Saldanha had written 14 books on the sufferings endured by the Mangalorean Catholics during their captivity at Seringapatam, the oppression of Goan Catholics during the Goa Inquisition, and the rule of Tipu Sultan.[11] He also authored a few detective novels such as Torichi Dal (Pigeon Pea), Tambddi Pitul (Red Copper) and Ruzvaath (The Evidence).[3][12] Among his best known historical novels are Belthangaddicho Balthazar (Balthazar of Belthangadi), Devache Krupen (By the Grace of God), Sardarachi Sinol (The sign of the Knights) and Infernachi Daram (The gates of Hell). All of these above novels deal with the arrest of 60,000 Mangalorean Catholics and their deportation to Seringapatam by Tipu Sultan in 1784.[1] In these novels, Tipu is portrayed as cunning, haughty, hard-hearted, revengeful, yet full of self-control.[1] On the other hand, he portrays the Mangalorean Catholic community of the eighteenth century as brave, hardworking and selfless.[3] The Mangalorean Catholic characters of his novels such as Balthazar of Belthangadi, Sardar Simaon Prabhu of Omzoor, Sardar Anthon Shet of Falnir, Dumga Peenth and Agnes Kuvorn display tremendous courage, nobility and selfless service.[3]

His novel Saiba Bhogos (Forgive O God!) deals with the Goa Inquisition and Portuguese oppression of the Goan Hindus and Catholics in the eighteenth century.[3] Saldanha received wide praise and critical acclaim for his novels. One of his novels, Sardarachi Sinol, was even turned into a very successful play.[3] Saldanha was also a poet; his best known poem being Konkanche Shethkaar (The Farmers of Konkan).[13] In recognition for his prolific contributions to Konkani literature, Saldanha was the recipient of several awards, most notably by the All-India Writers' Conference in 1975.[5]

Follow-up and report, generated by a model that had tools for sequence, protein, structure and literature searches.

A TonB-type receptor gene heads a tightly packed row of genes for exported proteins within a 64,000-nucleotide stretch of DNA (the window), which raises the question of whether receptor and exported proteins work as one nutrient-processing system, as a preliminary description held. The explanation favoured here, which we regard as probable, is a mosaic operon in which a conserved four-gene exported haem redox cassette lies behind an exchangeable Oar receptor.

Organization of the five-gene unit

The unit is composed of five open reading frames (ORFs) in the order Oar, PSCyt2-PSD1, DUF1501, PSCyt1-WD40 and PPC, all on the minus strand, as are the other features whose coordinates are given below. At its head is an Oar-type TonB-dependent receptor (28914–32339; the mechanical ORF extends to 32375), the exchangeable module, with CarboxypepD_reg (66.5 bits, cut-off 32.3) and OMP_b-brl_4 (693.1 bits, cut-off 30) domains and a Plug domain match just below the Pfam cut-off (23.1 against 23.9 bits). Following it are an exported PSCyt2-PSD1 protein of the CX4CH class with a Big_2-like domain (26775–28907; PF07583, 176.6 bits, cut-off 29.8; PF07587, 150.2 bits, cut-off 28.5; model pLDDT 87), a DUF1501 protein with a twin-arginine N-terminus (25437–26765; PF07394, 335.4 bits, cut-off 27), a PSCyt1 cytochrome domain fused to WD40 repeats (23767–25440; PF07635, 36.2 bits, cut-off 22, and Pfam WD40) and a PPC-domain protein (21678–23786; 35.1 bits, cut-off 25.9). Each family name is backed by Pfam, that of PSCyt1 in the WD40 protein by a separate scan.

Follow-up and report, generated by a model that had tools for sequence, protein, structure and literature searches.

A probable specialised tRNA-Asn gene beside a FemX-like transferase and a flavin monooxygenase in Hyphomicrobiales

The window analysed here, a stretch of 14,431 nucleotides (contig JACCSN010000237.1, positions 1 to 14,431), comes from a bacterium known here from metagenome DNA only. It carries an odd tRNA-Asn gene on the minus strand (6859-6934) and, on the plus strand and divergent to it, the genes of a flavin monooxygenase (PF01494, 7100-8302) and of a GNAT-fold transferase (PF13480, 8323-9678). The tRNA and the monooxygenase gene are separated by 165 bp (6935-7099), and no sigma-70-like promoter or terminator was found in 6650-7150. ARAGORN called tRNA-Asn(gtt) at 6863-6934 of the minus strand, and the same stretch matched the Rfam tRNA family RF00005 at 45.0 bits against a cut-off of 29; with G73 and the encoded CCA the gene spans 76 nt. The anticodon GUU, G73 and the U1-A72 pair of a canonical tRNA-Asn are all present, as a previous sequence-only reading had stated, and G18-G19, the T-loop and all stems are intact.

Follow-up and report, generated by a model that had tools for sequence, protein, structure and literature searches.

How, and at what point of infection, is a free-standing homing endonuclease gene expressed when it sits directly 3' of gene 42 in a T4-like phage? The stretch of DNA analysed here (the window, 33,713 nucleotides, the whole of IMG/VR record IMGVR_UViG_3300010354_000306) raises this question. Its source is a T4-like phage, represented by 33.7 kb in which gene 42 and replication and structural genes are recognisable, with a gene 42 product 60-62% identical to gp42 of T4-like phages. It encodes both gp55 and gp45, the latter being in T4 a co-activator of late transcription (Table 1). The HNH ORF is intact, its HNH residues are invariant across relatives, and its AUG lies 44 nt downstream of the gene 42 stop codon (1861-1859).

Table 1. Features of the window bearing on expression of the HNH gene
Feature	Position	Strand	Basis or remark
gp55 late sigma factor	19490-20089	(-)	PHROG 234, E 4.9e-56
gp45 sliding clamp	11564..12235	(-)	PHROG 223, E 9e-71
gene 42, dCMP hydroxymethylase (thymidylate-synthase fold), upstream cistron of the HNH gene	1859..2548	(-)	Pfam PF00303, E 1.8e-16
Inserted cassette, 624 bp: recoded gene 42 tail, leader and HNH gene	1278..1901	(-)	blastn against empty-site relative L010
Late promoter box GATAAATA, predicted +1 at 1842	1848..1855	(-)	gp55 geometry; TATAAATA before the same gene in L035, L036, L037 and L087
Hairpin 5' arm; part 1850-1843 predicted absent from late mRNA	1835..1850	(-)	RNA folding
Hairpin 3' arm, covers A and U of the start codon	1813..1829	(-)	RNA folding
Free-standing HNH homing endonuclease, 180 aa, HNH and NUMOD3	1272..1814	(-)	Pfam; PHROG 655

Personal life[edit]

Saldanha was a devout Roman Catholic and a devotee of the Virgin Mary.[14] At the age of 44, he married Lilly D'Souza, a school teacher from Kasargod on 29 December 1969. The union produced two sons: Elvio Francis and Ransom. His eldest son died prematurely on 25 February 1981, aged 11.[8] His wife died on 21 December 2009.[15]

Last years[edit]

In 1978 at the age of 53, Saldanha obtained his Master's degree in Sociology.[8] He also developed an avid interest in Alternative medicine (more specifically point pressure) methods and Dr. Edward Bach's herbal remedies. He co-authored a book on Naturopathy with Dr. I.G. Hukkeri. Later, he did a course in Naturopathy and obtained the ND, DHM, MD (AM) and RMP (AM) degrees.[8]

The last decade of Saldanha's life was devoted to the compilation of an English–Konkani dictionary. This work entitled 20th Century English–Konkani Concise (Kannada and Devanagari scripts) was never completed during his lifetime, and as a result, went unpublished. The dictionary contained the meanings of more than 160,000 Konkani words.[16] On 16 January 1994, Saldanha was appointed President of the Karnataka Konkani Sahitya Akademi by the Karnataka Government .[5] Shortly after this, he suffered a debilitating stroke, as a result of which he was confined to his home. He died of heart failure on 22 February 2000.[17]

Citations[edit]